"We do not exclude homeless people. Our area is currently home to about 40% of the homeless and 60% homeless," he said. "We do not allow drugs or substances in this area. But this is a way to reduce harm. And we have people living with addiction that are part of this community."

On a recent trip to one of the camps in partnership with the city, drug trafficking could be seen across the street near an abandoned dinner.

Cole has been showing Park Hill residents to help alleviate their worries about what the camp will look like in their area. The colorful exterior walls kept the camp secret, with bright red tents fitted with fans and heaters lined up in rows. Portable showers and toilets are set up nearby, as well as hand washing stations and trash cans.

The stadiums were clean, security guards and volunteers were on duty on 24/7. Cole said no one in the Capitol Hill camp had been diagnosed with Covid-19, and 32 of the 36 residents had been vaccinated.

Mark Montes, better known as "Shorty," in the Denver homeless refugee camp. Vicky Collins / of NBC News

Mark Montes, known as “Shorty,” helped himself by drinking coffee inside a tent that had drinks and snacks.

"I have been homeless for 11 years on the streets," he said. "If it weren't for them, I would still be on the street drinking and not even getting a job or anything."

One resident, who identified himself as Max, wore a yellow sun hat, a very open hat, and a flat as he sat under a tent with his camp neighbors and a dog named Muttley.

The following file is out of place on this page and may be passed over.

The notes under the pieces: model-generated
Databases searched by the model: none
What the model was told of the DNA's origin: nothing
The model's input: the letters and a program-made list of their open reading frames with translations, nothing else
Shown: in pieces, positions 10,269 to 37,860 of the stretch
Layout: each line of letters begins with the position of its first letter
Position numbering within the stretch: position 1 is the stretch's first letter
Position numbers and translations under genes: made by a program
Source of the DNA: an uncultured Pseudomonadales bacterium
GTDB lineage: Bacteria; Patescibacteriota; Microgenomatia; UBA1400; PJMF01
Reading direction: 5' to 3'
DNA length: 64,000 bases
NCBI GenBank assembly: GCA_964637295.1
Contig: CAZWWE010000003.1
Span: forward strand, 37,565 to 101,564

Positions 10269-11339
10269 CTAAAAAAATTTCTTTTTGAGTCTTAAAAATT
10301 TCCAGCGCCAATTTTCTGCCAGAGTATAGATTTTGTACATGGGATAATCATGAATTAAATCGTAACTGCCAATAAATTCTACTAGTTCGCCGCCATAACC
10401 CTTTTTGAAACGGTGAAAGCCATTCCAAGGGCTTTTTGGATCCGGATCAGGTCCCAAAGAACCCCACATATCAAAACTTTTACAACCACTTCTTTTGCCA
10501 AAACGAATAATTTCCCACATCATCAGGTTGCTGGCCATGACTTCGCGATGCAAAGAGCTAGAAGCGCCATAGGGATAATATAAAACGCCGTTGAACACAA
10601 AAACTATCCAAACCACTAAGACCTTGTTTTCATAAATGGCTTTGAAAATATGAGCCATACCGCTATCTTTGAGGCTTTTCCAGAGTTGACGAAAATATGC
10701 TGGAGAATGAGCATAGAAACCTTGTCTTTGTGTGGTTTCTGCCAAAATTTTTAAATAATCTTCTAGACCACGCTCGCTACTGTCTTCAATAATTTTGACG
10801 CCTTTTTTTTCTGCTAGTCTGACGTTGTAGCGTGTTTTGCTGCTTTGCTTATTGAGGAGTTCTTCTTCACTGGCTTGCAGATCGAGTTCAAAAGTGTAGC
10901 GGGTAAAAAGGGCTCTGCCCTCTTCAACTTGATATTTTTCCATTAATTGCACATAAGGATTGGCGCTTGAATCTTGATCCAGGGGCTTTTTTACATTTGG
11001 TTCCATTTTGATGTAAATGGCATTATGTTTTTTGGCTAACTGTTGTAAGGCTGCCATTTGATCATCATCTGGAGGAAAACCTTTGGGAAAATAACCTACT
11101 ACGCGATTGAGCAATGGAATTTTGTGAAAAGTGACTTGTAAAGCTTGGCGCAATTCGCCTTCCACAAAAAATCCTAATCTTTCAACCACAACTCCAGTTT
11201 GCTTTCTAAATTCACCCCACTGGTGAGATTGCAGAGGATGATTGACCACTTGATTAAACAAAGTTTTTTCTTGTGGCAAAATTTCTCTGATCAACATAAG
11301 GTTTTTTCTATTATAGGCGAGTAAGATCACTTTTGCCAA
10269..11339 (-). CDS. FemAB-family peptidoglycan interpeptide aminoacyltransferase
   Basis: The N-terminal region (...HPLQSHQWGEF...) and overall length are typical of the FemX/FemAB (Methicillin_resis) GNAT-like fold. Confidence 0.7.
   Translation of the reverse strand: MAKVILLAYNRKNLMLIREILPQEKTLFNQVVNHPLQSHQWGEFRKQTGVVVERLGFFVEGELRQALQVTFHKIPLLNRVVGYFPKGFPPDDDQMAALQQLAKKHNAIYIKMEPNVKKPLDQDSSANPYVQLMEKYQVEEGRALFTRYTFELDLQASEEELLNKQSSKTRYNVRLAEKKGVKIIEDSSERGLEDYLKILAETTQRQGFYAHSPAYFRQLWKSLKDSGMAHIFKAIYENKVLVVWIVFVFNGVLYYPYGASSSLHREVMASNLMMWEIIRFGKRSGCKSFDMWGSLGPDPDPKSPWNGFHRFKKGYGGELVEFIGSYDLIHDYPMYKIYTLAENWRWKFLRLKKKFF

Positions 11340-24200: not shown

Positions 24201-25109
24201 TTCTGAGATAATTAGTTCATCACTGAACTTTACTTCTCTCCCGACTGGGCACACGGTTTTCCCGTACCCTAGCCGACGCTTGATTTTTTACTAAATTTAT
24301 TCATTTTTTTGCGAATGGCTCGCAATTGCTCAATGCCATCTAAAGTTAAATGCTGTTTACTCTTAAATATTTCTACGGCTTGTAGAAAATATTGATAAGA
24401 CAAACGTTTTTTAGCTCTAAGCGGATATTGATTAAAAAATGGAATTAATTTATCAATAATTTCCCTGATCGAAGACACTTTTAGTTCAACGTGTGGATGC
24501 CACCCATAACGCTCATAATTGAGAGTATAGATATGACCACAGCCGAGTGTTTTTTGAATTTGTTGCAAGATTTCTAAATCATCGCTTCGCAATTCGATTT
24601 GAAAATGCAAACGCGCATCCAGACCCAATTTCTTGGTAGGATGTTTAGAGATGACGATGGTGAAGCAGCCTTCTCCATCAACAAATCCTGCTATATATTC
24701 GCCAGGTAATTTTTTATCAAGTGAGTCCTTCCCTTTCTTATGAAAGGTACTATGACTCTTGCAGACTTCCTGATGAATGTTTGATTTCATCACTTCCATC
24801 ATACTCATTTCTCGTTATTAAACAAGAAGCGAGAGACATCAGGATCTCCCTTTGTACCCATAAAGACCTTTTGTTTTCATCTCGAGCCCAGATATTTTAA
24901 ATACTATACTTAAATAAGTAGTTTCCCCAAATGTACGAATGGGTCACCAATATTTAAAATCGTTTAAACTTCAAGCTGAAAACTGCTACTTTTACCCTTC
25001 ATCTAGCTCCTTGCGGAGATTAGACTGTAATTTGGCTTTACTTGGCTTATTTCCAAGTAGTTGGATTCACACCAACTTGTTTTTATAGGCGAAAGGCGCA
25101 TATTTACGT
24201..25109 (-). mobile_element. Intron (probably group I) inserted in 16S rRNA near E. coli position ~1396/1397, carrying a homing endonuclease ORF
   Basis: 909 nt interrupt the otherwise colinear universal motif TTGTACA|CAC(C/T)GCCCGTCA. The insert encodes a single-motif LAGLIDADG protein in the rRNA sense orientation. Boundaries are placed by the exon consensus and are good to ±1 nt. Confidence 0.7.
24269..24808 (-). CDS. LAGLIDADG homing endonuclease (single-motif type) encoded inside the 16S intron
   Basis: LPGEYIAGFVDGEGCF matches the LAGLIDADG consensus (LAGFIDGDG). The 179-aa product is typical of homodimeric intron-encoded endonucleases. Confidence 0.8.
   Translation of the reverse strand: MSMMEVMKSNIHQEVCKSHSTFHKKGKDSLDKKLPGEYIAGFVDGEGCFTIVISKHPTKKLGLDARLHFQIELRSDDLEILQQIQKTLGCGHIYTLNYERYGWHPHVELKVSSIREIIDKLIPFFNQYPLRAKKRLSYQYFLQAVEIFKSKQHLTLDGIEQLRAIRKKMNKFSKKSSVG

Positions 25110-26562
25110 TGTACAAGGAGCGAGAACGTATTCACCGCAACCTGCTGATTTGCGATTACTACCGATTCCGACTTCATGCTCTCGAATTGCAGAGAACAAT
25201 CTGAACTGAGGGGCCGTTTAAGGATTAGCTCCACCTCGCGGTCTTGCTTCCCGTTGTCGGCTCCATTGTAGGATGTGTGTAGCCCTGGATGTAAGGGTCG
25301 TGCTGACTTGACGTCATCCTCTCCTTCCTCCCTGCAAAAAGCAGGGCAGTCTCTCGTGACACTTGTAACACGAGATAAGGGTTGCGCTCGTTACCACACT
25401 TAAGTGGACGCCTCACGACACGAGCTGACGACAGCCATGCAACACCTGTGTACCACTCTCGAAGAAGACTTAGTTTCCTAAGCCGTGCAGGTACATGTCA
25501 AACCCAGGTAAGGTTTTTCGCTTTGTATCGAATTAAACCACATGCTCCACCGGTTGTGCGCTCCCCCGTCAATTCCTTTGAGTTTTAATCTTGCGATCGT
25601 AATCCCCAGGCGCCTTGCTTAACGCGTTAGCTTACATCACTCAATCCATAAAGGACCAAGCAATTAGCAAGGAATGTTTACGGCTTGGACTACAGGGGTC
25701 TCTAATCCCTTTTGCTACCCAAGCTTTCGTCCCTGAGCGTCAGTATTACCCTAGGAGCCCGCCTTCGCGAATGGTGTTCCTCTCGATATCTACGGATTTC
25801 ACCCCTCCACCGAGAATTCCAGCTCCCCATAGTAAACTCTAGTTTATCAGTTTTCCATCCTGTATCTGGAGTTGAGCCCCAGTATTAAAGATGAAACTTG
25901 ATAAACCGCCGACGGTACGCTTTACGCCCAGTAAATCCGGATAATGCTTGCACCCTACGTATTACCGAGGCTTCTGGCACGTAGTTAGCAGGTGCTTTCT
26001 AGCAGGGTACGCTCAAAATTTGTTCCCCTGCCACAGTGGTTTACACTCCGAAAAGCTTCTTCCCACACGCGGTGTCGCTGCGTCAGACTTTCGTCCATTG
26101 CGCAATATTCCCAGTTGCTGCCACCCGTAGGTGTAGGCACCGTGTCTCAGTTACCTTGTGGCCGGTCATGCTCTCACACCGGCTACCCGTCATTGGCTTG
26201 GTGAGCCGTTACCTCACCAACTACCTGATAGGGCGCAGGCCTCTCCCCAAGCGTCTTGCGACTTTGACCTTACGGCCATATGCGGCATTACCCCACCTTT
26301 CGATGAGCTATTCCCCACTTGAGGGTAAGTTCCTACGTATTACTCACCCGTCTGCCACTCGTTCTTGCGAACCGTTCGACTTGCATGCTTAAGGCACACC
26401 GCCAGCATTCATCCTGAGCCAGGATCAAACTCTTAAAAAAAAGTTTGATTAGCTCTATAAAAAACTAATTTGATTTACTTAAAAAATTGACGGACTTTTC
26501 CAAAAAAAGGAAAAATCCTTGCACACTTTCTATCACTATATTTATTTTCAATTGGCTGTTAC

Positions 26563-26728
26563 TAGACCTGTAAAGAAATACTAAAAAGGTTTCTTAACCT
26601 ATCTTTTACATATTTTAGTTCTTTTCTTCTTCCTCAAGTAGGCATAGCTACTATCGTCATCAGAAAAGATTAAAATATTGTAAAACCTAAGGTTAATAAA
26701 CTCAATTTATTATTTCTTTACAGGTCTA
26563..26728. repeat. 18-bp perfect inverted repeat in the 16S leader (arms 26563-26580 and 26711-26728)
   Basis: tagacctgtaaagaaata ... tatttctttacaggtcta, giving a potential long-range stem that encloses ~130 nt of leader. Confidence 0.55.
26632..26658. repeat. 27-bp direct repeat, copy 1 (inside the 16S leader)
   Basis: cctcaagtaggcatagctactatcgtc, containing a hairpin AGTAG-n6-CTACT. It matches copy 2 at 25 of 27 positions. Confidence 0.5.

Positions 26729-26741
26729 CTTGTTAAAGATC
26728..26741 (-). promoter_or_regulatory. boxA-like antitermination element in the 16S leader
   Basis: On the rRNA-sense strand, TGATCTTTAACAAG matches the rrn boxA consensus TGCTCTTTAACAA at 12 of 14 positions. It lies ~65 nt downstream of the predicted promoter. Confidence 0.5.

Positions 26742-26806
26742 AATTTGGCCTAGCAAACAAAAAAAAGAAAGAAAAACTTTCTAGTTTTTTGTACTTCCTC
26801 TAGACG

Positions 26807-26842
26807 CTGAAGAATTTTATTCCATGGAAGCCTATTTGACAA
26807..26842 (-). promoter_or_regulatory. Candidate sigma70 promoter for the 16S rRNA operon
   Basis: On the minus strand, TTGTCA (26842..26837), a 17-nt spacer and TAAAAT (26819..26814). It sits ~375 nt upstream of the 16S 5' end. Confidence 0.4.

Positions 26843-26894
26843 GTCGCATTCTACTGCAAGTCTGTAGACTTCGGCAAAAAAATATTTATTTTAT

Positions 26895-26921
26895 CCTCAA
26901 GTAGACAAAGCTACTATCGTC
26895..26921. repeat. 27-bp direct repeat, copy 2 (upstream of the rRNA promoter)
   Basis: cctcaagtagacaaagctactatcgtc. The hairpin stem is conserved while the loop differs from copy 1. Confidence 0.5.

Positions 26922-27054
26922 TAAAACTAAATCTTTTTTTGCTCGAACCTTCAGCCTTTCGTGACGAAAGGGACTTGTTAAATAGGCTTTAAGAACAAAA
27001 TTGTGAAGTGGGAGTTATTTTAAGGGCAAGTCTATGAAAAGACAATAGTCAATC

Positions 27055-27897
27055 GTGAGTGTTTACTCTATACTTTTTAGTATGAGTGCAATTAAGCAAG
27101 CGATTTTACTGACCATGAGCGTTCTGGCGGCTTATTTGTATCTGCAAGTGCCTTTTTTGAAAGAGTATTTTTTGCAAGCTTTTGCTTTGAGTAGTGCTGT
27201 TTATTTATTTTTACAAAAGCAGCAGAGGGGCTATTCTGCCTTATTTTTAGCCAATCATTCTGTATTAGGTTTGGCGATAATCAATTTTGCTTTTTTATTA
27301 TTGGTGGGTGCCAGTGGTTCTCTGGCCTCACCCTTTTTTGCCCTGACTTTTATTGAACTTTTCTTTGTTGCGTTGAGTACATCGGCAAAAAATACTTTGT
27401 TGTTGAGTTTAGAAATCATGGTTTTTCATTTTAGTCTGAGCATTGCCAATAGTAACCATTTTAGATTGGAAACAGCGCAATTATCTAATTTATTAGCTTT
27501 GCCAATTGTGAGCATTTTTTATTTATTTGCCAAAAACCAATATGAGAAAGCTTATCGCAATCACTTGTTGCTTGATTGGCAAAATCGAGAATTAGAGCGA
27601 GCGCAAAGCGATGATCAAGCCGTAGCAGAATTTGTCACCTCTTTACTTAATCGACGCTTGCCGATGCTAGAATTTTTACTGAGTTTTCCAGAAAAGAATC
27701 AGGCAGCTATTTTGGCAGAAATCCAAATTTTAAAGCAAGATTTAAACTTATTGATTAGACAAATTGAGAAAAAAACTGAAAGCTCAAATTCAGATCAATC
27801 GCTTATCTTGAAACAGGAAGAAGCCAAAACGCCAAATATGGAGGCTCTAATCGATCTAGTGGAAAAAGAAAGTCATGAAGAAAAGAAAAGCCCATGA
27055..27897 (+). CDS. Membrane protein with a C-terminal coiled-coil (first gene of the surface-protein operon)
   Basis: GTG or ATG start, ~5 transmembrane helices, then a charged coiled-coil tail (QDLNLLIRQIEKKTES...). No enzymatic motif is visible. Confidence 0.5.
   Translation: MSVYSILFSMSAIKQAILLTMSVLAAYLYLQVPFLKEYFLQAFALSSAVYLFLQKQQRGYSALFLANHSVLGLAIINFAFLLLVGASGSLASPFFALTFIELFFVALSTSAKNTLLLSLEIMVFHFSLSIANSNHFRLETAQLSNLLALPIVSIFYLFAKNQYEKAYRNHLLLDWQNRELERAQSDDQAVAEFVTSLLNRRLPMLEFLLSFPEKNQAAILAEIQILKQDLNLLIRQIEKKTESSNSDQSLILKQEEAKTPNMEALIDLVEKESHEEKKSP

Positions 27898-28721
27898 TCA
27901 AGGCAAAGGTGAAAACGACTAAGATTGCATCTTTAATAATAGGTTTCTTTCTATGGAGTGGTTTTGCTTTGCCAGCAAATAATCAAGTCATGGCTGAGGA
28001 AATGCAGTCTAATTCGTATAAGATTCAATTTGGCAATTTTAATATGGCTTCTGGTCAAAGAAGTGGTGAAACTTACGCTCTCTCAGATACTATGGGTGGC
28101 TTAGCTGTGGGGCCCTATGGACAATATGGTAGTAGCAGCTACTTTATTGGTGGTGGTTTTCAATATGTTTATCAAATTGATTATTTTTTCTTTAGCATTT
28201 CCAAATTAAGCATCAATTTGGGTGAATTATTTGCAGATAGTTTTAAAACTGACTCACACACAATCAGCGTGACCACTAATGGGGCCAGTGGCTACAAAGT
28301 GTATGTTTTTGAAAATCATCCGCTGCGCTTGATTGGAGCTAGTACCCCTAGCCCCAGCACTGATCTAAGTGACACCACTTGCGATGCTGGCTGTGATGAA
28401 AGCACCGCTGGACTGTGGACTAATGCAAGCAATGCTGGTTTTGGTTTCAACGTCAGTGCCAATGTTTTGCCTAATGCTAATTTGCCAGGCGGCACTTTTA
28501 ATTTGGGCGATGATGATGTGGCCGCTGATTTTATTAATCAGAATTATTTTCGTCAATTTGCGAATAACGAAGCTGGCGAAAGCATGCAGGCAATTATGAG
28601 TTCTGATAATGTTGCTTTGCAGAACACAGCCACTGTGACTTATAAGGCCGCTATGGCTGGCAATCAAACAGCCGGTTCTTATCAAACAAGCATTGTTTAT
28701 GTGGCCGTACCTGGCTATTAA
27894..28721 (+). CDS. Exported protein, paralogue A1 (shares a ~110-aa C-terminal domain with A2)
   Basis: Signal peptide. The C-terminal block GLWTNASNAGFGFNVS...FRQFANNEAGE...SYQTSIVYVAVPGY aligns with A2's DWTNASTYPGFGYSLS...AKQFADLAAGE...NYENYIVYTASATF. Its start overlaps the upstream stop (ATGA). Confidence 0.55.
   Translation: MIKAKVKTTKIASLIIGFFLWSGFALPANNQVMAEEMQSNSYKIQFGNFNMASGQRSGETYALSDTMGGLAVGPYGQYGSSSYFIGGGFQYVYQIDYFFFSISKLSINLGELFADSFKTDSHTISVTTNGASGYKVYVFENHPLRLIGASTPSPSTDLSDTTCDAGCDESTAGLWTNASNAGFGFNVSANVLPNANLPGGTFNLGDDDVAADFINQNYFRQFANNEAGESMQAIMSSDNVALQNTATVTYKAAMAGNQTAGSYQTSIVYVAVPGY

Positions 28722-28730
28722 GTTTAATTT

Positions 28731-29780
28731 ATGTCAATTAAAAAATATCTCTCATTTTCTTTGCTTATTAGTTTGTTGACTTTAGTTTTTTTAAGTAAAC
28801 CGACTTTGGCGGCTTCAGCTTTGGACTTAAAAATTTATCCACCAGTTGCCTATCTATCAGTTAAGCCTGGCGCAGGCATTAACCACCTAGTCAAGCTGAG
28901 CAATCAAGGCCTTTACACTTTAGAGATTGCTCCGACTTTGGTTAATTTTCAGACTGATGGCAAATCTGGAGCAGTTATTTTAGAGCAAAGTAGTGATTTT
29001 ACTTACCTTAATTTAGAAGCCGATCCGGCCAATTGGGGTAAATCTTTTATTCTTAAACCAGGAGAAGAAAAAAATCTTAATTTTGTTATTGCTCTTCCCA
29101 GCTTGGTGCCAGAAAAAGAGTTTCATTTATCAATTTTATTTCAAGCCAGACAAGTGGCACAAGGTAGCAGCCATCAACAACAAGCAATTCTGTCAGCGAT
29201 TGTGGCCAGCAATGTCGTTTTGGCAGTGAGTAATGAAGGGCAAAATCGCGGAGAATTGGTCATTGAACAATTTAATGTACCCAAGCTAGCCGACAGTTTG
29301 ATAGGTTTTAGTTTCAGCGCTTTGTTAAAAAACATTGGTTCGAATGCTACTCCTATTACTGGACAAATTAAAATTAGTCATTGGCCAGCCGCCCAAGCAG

Max, a homeless man, camp in Denver Vicky Collins / of NBC News

"I'm gay and my family doesn't agree," Max says, adding that he feels safer in the camp than in a shelter or on the streets. "Awakening, being kicked in the head by a police officer is not the best thing."

Even after seeing the Capitol Hill camp, Stephen Booth-Nadav is unsure.

“I read things on Facebook that some of my neighbors in five blocks away say, oh, they’re so happy this is coming to Park Hill,” he said. “I think there are five blocks left, and I can say that. Does my neighbor who is five blocks away understand what I mean when I say that my daughter is afraid to park her car in the house? ”

But Brisson said the type of mind prevents changes in grip.

"Saying 'it shouldn't be me' puts pressure on the underprivileged, the poorest communities in our society," he said. “So I might actually invite people in the community who feel that 'My neighbor is in the wrong place at the wrong time,' to reconsider: Whose place?”